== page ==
In May this year, Sue Mitchell, the AFR’s well-respected retail journalist, ran a story that predicted Walmart would likely be a new owner of Coles. The story never gained traction, but I believe she’s right.
Two reasons led her to this conclusion.
Firstly, the merger of the UK Asda/Walmart grocery chain with Sainsburys has freed up of a bit of cash (about $5 billion Aussie dollars).
The second reason was due to Wesfarmers’ announcement they would parcel up Coles, float in on the ASX, and allow its management team to allocate its own capital to grow. This is a process which, according to Emilie Feldman at US business school Wharton and GE’s new CEO John Flannery, is the best path to growth for free standing businesses within larger corporations.
Now, I’ll add three reasons of my own.
The Aussie market is a perfect fit
Thirdly, having worked closely with Walmart International over the years, and having spent time at their US and Chinese head offices in Bentonville Arkansas and Shenzhen in Southern China, I can say that Australia has always been on their radar as a natural market to expand into.
The Australian market is logical, well-regulated, speaks English and can be reached via direct flights from LAX and DFW or on Walmart’s private jets from Rogers Municipal Airport in Arkansas. What’s not to like?
There are also a good number of successful Australian retail executives, who have current and in-depth knowledge of Coles and Woolworths, that have moved to both Walmart International and Walmart USA over the years.
Plus, Walmart has been competing with Aldi and Trader Joes in the US for a long time, so it already understands Aldi. This type of in-depth knowledge always builds confidence in decision-making for international expansion.
The timing is right
Fourthly, there has never been a better time in the economic cycle for US companies to buy Australian assets. The US economy finally has ‘tail winds’ driving growth in jobs, sales volume and prices. This has led to improved profits, inflation, higher interest rates and a strong US Dollar in relation to our Aussie dollar.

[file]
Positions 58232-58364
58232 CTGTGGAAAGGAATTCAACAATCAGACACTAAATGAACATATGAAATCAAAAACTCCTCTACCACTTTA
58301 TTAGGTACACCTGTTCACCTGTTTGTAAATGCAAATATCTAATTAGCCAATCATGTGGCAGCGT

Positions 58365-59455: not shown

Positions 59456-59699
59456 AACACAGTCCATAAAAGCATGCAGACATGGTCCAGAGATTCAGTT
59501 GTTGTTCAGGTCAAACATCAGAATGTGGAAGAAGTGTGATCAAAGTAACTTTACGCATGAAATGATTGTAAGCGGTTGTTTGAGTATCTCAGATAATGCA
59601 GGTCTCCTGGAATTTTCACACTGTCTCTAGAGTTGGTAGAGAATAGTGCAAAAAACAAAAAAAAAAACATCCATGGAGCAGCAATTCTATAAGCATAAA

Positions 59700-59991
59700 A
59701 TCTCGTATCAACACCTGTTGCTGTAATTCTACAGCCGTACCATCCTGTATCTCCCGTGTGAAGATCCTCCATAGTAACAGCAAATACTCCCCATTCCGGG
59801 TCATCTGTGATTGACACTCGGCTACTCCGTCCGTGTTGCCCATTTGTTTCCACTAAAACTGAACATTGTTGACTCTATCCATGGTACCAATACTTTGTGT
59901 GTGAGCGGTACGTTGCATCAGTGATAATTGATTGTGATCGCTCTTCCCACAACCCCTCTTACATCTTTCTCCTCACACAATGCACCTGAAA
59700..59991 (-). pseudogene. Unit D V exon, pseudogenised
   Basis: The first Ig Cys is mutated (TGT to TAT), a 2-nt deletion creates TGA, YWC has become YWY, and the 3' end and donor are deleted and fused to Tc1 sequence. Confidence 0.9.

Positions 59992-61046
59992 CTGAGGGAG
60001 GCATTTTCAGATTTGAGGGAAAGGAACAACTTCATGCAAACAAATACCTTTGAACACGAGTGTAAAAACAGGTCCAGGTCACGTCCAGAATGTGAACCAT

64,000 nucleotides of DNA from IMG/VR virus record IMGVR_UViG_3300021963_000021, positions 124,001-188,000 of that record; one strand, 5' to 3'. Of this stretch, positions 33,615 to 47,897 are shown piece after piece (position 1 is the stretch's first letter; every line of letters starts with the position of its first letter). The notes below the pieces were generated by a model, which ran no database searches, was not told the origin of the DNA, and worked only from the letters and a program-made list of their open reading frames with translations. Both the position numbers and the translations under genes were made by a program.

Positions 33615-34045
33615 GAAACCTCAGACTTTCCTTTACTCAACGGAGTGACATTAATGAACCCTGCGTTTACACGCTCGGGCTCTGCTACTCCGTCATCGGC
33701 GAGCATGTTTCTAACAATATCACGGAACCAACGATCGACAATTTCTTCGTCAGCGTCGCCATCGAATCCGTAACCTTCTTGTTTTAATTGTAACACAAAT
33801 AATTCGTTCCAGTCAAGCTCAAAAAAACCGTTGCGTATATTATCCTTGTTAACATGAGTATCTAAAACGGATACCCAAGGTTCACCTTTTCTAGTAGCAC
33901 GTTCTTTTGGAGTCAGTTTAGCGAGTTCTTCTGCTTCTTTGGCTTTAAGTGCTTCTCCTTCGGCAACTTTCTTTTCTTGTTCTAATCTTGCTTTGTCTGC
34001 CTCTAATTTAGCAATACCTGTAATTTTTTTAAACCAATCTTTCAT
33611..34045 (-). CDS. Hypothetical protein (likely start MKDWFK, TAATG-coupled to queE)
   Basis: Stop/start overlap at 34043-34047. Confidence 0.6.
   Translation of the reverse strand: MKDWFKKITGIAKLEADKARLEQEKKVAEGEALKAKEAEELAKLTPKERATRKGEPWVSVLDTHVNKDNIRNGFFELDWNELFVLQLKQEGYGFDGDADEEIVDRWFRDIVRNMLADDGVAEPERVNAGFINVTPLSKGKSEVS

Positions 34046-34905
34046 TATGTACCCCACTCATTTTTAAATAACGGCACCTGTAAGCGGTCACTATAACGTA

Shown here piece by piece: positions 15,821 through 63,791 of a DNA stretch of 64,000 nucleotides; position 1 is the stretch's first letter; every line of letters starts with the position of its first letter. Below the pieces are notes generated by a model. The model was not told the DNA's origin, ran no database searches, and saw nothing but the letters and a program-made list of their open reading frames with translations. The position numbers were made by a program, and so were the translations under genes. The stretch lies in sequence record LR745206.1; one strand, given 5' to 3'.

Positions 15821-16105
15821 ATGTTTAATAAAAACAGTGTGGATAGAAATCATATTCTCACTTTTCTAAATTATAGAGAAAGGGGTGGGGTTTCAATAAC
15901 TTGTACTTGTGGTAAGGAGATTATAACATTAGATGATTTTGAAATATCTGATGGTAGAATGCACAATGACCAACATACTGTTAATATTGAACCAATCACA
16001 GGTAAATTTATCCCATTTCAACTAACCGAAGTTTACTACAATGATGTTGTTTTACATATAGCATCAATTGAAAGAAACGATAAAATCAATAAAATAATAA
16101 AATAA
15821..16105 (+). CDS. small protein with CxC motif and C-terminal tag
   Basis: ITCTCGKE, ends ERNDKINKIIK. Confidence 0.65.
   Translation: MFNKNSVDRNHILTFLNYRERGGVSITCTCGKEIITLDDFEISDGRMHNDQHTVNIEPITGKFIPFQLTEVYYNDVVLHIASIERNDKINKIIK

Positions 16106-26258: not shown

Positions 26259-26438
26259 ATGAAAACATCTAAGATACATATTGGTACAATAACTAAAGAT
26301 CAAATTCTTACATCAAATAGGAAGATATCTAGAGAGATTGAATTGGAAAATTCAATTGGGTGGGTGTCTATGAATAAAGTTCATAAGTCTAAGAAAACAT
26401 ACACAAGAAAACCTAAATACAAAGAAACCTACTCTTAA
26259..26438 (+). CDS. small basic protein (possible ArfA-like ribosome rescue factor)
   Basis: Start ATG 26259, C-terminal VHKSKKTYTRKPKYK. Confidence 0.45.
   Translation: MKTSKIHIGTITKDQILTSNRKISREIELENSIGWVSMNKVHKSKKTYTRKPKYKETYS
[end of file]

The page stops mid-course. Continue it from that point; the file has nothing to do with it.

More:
Excess money being made in the US can, therefore, be used to fund ‘bargain basement’ acquisition prices in Australia. We’re a growing country, and as our economy catches up with the US, our interest rates and currency will rise again and Australian asset values in US dollars will appreciate too.
US Corporation Tax rates have been dropped
Fifthly, the US Federal Government finally realised that unless they dropped US Corporation Tax rates, US companies wouldn’t maximise profits or pay out dividends.
Now that has changed, there is an interest from US corporations in economies that have companies with strong defensible market shares and dependable earnings that generate cash for dividends. Coles in Australia fits that criteria.
I like that we have international retailers investing in Australian jobs and assets. We gain from global best-practice, wider choice, improved service and better prices.
However, in the past decade, Australia has seen a European wave of investment, with Aldi leading the charge, followed by Zara, H&M, Decathlon and soon Kaufland.
Costco and TK Maxx have been the only traditional US retailers to fly the stars and stripes in Oz so far, with eBay and Amazon investing physically to support their online businesses, so it would be nice to see another major US retailer investing here too.
Time will tell.
Disclaimer: the author owns shares in Wesfarmers.
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